The Acid Tongue
Mike Phillips dances a different tune from Lawrence Scott
Selected By Cyril Wong
This issue’s Acid Tongue looks at Mike Phillips’s review of Lawrence Scott’s Night Calypso, published in the Guardian on May 8, 2004. Let’s sum up and get past the first few paragraphs of this review:
Night Calypso is set on the island of El Caracol, a leper colony off the coast of Trinidad, during the second world war. The island's doctor, Vincent Metivier, is a Creole, scion of a long line of plantation owners…In addition to the lepers, Vincent is asked to care for Theo, a boy who has apparently suffered psychological damage, as a result of which he refuses to speak. At night, however, Theo sleepwalks into Vincent's room and tells his story by instalments, mimicking the voices and behaviour of the people in his memories…Theo's story, however, is the hub of the novel's moral preoccupations…Like Vincent in the novel, the author, Lawrence Scott, is a Trinidadian Creole…the sexual and economic exploitation of Caribbean blacks and the conflict between personal moralities and religious dogma - are recognisable features of his previous work. In Night Calypso, however, he attempts to link them to larger historical events, using the second world war and the growth of industrial militancy in Trinidad as extended metaphors.
Viginia Woolf once wrote in her criticism of Charlotte Bronte’s Jane Eyre that Bronte tended to insert blatant hints of a feminist ideology into significant moments of her novel’s narrative. The implication was that an author’s literary skill is undermined by her political leanings. In a way that is not immediately similar when first contrasted, the reviewer shines a light from under the rich text of this Caribbean author to reveal the shadowed skeleton of an agenda to make distinctive a Caribbean literature. This implication runs through the reviewer’s criticism of Scott’s novel, as follows:
It’s a rich brew which turns out to be a great deal less than the sum of its parts. The Theo story is creepily persuasive, but the rest of the novel's elements don't hang together…The two protagonists remain enigmatic, while the attendant chorus, Theo, Singh and Jonah, function as symbolic presences, whose job is to sermonise about history or politics.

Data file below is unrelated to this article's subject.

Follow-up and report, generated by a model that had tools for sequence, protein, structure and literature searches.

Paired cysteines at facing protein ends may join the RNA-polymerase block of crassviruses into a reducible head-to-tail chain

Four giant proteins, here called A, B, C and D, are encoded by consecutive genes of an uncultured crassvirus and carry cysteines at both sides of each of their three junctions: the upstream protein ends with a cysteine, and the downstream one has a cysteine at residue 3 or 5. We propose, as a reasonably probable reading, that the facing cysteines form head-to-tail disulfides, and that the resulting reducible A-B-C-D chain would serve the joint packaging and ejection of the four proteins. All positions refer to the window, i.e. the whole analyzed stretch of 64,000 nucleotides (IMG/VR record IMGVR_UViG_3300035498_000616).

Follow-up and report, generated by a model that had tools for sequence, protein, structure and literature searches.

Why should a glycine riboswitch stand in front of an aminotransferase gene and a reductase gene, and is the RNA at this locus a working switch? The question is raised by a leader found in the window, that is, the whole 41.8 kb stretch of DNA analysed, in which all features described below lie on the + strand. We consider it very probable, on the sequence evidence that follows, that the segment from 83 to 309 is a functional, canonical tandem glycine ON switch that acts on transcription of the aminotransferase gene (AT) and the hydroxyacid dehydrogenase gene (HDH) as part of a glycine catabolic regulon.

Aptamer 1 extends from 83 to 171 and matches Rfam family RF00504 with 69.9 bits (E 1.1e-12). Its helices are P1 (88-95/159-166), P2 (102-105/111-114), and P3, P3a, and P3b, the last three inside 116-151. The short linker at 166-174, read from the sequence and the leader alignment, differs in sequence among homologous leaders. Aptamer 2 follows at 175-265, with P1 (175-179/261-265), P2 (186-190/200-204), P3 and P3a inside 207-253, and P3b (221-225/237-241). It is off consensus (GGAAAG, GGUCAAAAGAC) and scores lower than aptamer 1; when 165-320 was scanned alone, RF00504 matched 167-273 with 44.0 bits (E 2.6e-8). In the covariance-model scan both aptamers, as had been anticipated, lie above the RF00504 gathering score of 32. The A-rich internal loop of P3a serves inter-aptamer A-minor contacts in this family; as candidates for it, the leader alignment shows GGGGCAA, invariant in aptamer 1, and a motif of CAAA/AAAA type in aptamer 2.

The style and language is another problem. During the late 40s and 50s, Caribbean artists and writers began to take on the task of reinventing and describing an identity that was specific to the history and the landscape. They tended to avoid English models; instead, their dominant influences ranged from French Symbolist poetry to American novelists such as Melville and Faulkner. The result was a self-consciously literary style that focused on mythology, detailed descriptions of flora and fauna, and fragmented, non-linear narratives which moved around in space and time.
The poetic mannerisms of Walcott and Braithwaite spring from this background, and Scott's style is a faithful revisiting of the period. He writes with an almost painterly precision about the look of things - the breaking of dawn, the power of the hurricane, the smell of fish, the changes in light and the mood of the sea. On the other hand, Scott's delight in description can seem utterly laborious. It takes two pages for Vincent to undress Thérèse, which is probably good news for readers with a fetish about nun's clothing, but doesn't add much to the book.
Slightly caustic joke aside, the above portion already signals the tendency towards myth-making, symbolism and long-drawn – albeit very often poetic – descriptions. One sees this in Walcott plenty of times. Only an utter and fanatic lover of imagery would tolerate pages and pages of it in Walcott’s poetry.
Mike Phillips gets more evil near the end of his review:
At the same time he insists on recreating everything as a symbol of something, and the result is both too obvious altogether, and not meaningful enough. Theo quotes Melville and the Bible and, sure enough, a beached whale turns up to confront Jonah, while the occasional glimpses of a German submarine are reminiscent of Moby-Dick's mysterious flukes. A turtle lays its eggs on the beach and the baby turtles begin their journey to the water's edge, assailed by a variety of predators. Just like us - geddit?
The last paragraph smacks a little of tokenism in the first line, the sudden need to redeem tellingly short-lived:
QLRS Vol. 3 No. 4 Jul 2004
Night Calypso is unique in being a serious, knowledgeable and beautifully written treatise about a little-known corner of experience and its relationship to a wider world, but in the end its vision is too narrow and its resources too limited for the reach of its ambition.
What's the deal with Caribbean writers? Drip acid in the Forum!
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Return to Vol. 3 No. 4 Jul 2004